CAGE: ...give a class in mushroom identification at the New School for Social Research. Actually, it's five field trips, not really a class at all. However, when I proposed it to Dean Clara Mayer, though she was delighted by with the idea, she said, I'll have to let you know later whether or not we'll give it. So she spoke to the president who couldn't see why there should be a class in mushrooms...


CAGE: the New School. Next she spoke to Professor MacIvor, who lives in Piermont. She said: What do you think about our having a mushroom class at the New School? He said: Fine idea. Nothing more than mushroom identification develops the powers of observation.


CAGE: This remark was relayed...


CAGE: ...both to the president and to me. It served to get the class into the catalogue and to verbalize for me my present attitude towards music: It isn't useful, music isn't, unless it develops our powers of audition. But most musicians can't hear a single sound. They listen only to the relationship between two or more sounds. Music for them has nothing to do with their powers of audition, but only to do with their powers of observing relationships. In order to do this, they have to ignore all the crying babies...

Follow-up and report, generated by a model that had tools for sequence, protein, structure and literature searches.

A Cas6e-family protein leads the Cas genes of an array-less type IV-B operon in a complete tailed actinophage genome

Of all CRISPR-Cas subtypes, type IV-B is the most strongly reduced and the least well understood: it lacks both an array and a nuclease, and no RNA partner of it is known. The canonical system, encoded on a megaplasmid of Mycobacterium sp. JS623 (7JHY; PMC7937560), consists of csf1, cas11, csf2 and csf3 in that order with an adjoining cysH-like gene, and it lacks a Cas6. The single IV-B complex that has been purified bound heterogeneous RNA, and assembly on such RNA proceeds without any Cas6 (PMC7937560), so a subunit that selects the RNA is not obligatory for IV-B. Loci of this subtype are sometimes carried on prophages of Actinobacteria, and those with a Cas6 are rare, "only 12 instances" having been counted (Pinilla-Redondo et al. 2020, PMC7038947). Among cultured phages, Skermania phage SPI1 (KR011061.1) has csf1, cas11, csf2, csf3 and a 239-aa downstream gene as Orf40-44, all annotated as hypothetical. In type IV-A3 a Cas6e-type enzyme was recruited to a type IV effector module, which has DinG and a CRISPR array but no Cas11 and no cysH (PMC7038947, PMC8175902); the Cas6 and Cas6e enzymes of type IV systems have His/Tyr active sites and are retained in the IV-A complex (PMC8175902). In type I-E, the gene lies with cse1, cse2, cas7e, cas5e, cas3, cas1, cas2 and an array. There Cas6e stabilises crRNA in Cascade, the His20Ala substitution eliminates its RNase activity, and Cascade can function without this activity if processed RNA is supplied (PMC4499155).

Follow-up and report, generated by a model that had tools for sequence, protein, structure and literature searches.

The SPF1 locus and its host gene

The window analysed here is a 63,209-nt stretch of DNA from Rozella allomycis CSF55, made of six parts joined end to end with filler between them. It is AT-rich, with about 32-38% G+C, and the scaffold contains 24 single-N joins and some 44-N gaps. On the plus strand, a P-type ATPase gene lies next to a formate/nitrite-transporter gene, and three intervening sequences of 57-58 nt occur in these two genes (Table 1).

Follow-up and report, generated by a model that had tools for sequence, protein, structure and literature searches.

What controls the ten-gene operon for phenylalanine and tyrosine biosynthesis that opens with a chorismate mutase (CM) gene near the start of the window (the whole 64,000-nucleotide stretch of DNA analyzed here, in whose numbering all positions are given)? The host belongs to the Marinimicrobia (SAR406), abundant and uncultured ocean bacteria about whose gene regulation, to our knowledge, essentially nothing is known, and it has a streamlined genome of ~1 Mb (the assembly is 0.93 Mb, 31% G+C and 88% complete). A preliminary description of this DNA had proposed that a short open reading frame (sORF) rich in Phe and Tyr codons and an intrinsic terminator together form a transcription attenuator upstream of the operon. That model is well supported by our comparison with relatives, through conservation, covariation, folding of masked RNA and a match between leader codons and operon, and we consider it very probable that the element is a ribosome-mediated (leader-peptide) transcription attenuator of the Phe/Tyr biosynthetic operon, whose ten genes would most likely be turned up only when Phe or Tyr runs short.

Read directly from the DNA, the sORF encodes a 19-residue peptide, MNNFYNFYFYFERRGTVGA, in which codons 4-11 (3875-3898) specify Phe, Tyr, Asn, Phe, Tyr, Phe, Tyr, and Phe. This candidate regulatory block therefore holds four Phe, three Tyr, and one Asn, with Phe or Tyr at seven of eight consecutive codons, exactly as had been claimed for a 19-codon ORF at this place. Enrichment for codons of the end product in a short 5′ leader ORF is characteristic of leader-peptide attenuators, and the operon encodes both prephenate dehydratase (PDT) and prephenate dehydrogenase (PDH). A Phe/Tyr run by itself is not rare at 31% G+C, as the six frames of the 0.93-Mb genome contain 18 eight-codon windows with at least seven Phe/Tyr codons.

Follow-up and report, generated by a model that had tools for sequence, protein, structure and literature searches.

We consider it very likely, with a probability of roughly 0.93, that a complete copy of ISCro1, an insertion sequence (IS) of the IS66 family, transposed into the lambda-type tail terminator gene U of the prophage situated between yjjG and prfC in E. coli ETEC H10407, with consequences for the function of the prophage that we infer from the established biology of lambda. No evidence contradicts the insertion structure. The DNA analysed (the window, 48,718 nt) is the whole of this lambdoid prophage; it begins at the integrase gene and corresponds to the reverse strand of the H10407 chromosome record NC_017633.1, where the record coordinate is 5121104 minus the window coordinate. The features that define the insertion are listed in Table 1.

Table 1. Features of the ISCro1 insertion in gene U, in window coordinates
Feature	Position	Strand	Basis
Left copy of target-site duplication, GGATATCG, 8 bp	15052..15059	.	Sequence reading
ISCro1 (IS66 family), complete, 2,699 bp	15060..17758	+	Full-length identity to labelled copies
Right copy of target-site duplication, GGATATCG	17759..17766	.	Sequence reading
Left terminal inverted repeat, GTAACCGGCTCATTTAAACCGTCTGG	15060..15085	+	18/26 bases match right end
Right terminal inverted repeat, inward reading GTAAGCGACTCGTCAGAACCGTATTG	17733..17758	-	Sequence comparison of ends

CAGE: engines, telephone bells, coughs, that happen to occur during their auditions. Actually, if you run into people who are really interested in hearing sounds, you're apt...


CAGE: find them fascinated by the quiet ones. Did you hear that? They will say.


CAGE: In 1954, when I went to Europe, I no sooner arrived in Paris then I noticed that the city was covered with posters publicizing a mushroom exhibition that was being held in the Botanical Gardens. That was all I needed.


CAGE: Off I went. When I arrived, I found myself in a large room filled with many tables upon which were displayed many species of fungi. On the hour from a large centrally-placed loudspeaker a recorded lecture on the deadly, poisonous...


CAGE: ...amanitas was delivered. During this lecture, nobody in the hall moved or spoke. Each person's attention was...


CAGE: to speak, riveted to the information being given. A week later, I was in Cologne...


CAGE: Germany attending a concert of electronic...


CAGE: There was also an audience and a large loudspeaker. However, many in the audience were dozing off, and some were talking to their neighbors.


CAGE: I went to a concert upstairs in Town Hall.